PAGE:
Indian Rescue and Conservation Site Helps Elephants in Need

Holly, a blind elephant at the Wildlife SOS Elephant Hospital.
Holly, a blind elephant at the Wildlife SOS Elephant Hospital.

 

Wildlife SOS Has opened India's first Elephant Hospital

By Kayla McMillan

Wildlife SOS, a company working towards saving India’s wildlife, is one of the largest rescue and conservation sites in South Asia operating ten wildlife rehabilitation facilities across India.

Elephant treatment procedure being carried out at the Wildlife SOS Elephant Hospital
Elephant treatment procedure being carried out at the Wildlife SOS Elephant Hospital

These include the world’s largest Sloth Bear Rescue Center, two Elephant Care Centers, and a Leopard Rescue Center.

Wildlife SOS runs the only 24-hour Reptile Rescue Cell in the National Capital Region areas of India, which includes urban metropolitan hubs like Delhi, Noida, and Gurgaon and works round the clock to help wildlife in distress.

Established in 1995

Wildlife SOS co-founder Secretary, Geeta Seshamani.
Wildlife SOS co-founder Secretary, Geeta Seshamani.

Wildlife SOS was established in 1995 by Kartick Satyanarayan and Geeta Seshamani when they were inspired to start a movement to protect and conserve India’s natural wildlife by creating a sustainable alternative environment.

Wildlife SOS’s major project was the eradication of the barbaric practice of ‘dancing’ bears in which sloth bear cubs were poached from the wild and trained using cruel methods to entertain tourists.

Wildlife SOS has also been rescuing and rehabilitating captive elephants in India since 2009 and has since provided a safe haven to 25 elephants.

Wildlife SOS recently launched India’s first Elephant Hospital, which has been specifically designed to treat injured, sick or geriatric elephants and is equipped with state of the art equipment and medical facilities.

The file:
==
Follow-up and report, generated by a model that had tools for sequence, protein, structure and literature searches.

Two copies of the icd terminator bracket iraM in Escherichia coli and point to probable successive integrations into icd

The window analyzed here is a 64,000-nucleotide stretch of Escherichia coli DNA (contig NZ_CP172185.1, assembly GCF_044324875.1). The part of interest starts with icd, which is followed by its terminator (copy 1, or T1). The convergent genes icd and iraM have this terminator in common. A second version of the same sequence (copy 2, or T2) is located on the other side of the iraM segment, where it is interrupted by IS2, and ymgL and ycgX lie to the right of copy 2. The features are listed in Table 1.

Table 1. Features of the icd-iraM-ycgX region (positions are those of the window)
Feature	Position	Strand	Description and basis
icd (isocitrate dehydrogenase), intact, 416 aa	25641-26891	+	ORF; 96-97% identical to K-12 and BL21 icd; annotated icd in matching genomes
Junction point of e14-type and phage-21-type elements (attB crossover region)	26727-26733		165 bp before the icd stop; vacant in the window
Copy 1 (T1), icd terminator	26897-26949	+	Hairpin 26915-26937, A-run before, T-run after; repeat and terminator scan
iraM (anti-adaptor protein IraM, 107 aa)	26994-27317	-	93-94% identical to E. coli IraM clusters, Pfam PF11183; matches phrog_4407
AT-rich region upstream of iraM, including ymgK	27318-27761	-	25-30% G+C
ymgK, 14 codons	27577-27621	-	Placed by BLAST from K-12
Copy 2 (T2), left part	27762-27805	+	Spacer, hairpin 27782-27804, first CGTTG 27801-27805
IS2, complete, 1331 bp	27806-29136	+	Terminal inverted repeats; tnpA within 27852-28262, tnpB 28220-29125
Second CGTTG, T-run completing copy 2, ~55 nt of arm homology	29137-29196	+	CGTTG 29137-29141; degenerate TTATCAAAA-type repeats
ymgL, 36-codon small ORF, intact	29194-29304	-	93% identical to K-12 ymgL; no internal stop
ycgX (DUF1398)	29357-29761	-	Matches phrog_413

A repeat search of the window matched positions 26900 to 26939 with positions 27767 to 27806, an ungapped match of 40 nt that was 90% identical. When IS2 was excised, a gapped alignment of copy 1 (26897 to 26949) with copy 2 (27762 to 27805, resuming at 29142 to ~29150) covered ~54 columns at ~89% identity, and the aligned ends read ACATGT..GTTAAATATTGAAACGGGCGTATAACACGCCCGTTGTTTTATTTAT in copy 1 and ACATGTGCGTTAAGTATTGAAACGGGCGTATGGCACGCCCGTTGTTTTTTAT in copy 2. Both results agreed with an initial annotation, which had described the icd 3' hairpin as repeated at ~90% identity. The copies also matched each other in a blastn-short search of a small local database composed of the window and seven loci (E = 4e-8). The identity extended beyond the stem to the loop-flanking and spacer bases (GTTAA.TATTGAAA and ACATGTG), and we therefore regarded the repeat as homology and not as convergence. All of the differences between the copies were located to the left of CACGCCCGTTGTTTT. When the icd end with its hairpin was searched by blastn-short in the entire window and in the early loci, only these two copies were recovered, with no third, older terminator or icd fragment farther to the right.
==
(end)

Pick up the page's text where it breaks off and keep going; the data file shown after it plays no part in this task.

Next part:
Besides providing specialized veterinary care to the 22 elephants under their care, the hospital recently received its first jumbo patients. Holly, an elderly blind begging elephant arrived at the Wildlife SOS Hospital last December. At the beginning of February, Luna, another begging elephant suffering chronic ailments has recently come in for treatment.

Holly enjoying a dust bath at the Elephant Conservation and Care Center.
Holly enjoying a dust bath at the Elephant Conservation and Care Center.

“Holly’s story is a heart-breaking tale of the many exploited begging elephants in India,” explained Arinita Sandilya, a Communications Officer for Wildlife SOS.

Unlike other abused elephants, Holly was lucky to find a light at the end of the tunnel towards a better and brighter future.

Elephant Blind in Both Eyes

When the Wildlife SOS team first met Holly, she was completely blind in both eyes. She would lightly touch the ground to make sure of her surroundings or outstretch her trunk in the air to whiff off the scents.

Evidently, her gait was awkward due to her poor body conformation as her hind legs were severely deformed. Her body showed signs of a tortured life as she was covered with chronic abscesses, some of which were still open and discharging pus.

Along with the urgent care they have been administering for her wounds and other maladies, they are starting her on a new diet to address malnutrition. Sandilya says, “it could be a long journey, but we are thrilled to be with Holly for it.

We can't give her back her vision, but we can help other scars she has on her body with laser therapy, antibiotics, pain medication, and some well-deserved love.”